FARGO - Rick Stenerson jokes that he came up with the idea for Urban Dinosaurs, his new graphic T-shirt line, because he was looking for a reason to go to Las Vegas he could write off. The T-shirt idea, however, dates back much further.
As a child, Stenerson remembers his dad once drawing a dinosaur on his T-shirt with a black marker. He loved it, but, unfortunately, it was gone after the first wash.
Many years later, Stenerson created a merchandise line called Club Dinosaur, a takeoff of Club Med. He hit a dead end rather quickly, however, when he wasn't able to trademark it because a similar dinosaur-themed sportswear line already existed. Stenerson believed there was more than enough room for two, but he didn't have the money to fight the matter at the time.
He dusted off the Club Dinosaur drawings last year when he wanted to attend the licensing convention in Las Vegas. They seemed a bit outdated, so he asked his son, Jack Stenerson, for some advice.
The 26-year-old owner of the New Direction music venue in downtown Fargo and member of several local bands suggested a T-shirt line with large graphics and few, if any, words.
They came up with a Starbucks-swilling dinosaur wearing an iWatch and Converse sneakers called the Urbansaurus.
Stenerson asked his longtime friend Noel "Scotch" Anderson to draw the Urbansaurus.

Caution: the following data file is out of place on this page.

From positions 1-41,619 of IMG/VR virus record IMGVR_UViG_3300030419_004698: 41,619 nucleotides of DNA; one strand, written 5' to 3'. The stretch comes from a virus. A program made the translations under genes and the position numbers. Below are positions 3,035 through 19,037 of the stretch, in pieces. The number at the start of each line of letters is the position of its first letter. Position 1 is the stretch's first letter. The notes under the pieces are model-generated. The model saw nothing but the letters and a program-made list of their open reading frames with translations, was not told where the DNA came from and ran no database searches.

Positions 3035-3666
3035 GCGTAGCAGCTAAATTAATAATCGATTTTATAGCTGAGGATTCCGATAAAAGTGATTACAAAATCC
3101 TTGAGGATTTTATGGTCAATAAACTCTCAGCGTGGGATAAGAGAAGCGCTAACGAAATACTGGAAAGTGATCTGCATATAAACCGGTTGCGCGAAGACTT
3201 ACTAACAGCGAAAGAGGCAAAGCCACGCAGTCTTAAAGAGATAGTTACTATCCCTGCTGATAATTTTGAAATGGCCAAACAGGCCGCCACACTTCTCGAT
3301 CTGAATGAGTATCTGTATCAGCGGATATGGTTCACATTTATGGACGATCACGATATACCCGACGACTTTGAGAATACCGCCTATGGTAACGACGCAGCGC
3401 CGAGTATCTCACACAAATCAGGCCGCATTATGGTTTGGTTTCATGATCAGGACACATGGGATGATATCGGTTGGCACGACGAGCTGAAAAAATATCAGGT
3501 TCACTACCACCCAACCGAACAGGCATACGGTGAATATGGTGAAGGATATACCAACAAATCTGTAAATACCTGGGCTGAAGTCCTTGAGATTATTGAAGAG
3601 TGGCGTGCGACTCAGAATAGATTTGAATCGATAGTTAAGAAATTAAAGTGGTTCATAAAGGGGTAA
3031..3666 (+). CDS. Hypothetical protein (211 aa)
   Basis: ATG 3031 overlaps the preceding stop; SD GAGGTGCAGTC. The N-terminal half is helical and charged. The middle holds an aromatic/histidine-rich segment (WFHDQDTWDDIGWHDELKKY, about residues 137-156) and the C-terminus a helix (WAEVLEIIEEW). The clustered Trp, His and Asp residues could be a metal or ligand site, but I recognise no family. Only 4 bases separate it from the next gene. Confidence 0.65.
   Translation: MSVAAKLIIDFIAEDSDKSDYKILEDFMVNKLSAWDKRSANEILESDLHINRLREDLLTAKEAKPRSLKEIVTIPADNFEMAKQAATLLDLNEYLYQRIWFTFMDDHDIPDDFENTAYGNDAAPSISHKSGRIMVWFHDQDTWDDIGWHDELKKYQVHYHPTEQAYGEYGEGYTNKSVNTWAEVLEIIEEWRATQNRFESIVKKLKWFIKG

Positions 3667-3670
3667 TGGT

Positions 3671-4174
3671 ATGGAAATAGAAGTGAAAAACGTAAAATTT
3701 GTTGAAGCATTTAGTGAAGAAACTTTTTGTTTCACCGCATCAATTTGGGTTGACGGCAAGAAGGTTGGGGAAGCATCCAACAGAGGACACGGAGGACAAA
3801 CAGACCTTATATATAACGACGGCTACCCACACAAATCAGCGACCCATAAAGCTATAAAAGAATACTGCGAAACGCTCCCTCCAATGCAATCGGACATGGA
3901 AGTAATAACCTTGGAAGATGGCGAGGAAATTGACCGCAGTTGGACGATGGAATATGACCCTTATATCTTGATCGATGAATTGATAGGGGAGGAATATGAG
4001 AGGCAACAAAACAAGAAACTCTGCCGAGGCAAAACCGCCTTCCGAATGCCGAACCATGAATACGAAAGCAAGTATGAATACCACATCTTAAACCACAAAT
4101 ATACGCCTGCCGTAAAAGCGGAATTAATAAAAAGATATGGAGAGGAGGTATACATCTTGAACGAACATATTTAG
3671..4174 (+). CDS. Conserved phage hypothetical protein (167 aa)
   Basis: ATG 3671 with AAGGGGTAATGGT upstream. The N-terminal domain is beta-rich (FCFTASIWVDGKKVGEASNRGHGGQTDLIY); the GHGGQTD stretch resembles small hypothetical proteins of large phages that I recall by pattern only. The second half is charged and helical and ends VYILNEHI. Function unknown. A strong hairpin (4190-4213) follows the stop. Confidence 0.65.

The two had met several years earlier when Anderson worked for Stenerson at Take 2 Video. Stenerson managed the chain of video stores and starred in the television commercials with his son. Readers may remember young Jack and his "You want it, you got it" tagline.
Today, Anderson is a co-host of the Mix 101.9 morning radio show, author of "Scotch draws today's headlines" in The Forum, and owner of Goof Roof, a freelance illustration and graphic design company.
Stenerson said he was blown away by Anderson's take on the Urbansaurus.
"This would be nothing if it weren't for Noel, or Scotch. He's always been Noel to me. It's all on his talent," he said.
Anderson also suggested he create a comic-book series to complement the T-shirt line.
"I think about when I was a kid and there was always this synergy," Anderson said. "You didn't want to go buy a shirt without there being something behind it."
The comic book features the adventures of the Urbansaurus, T-Riff, M.C. Raptor and Hot Rod Rex.
The three men are now all considered co-founders and co-owners of the business. Anderson creates the images; Stenerson, who also owns Stenerson Advertising, manages the day-to-day operations; and his son handles all social media promotions.
Their target market is children ages 5 to 10, but Stenerson said Urban Dinosaur T-shirts are for people of any age.
"I was wearing these shirts in Vegas, and I noticed a lot of people looking," he said. "I'm really looking forward to having some fun with this."
Urban Dinosaur T-shirts and comic books are sold at area comic-book conventions as well as online at www.urbandinosaurs.com.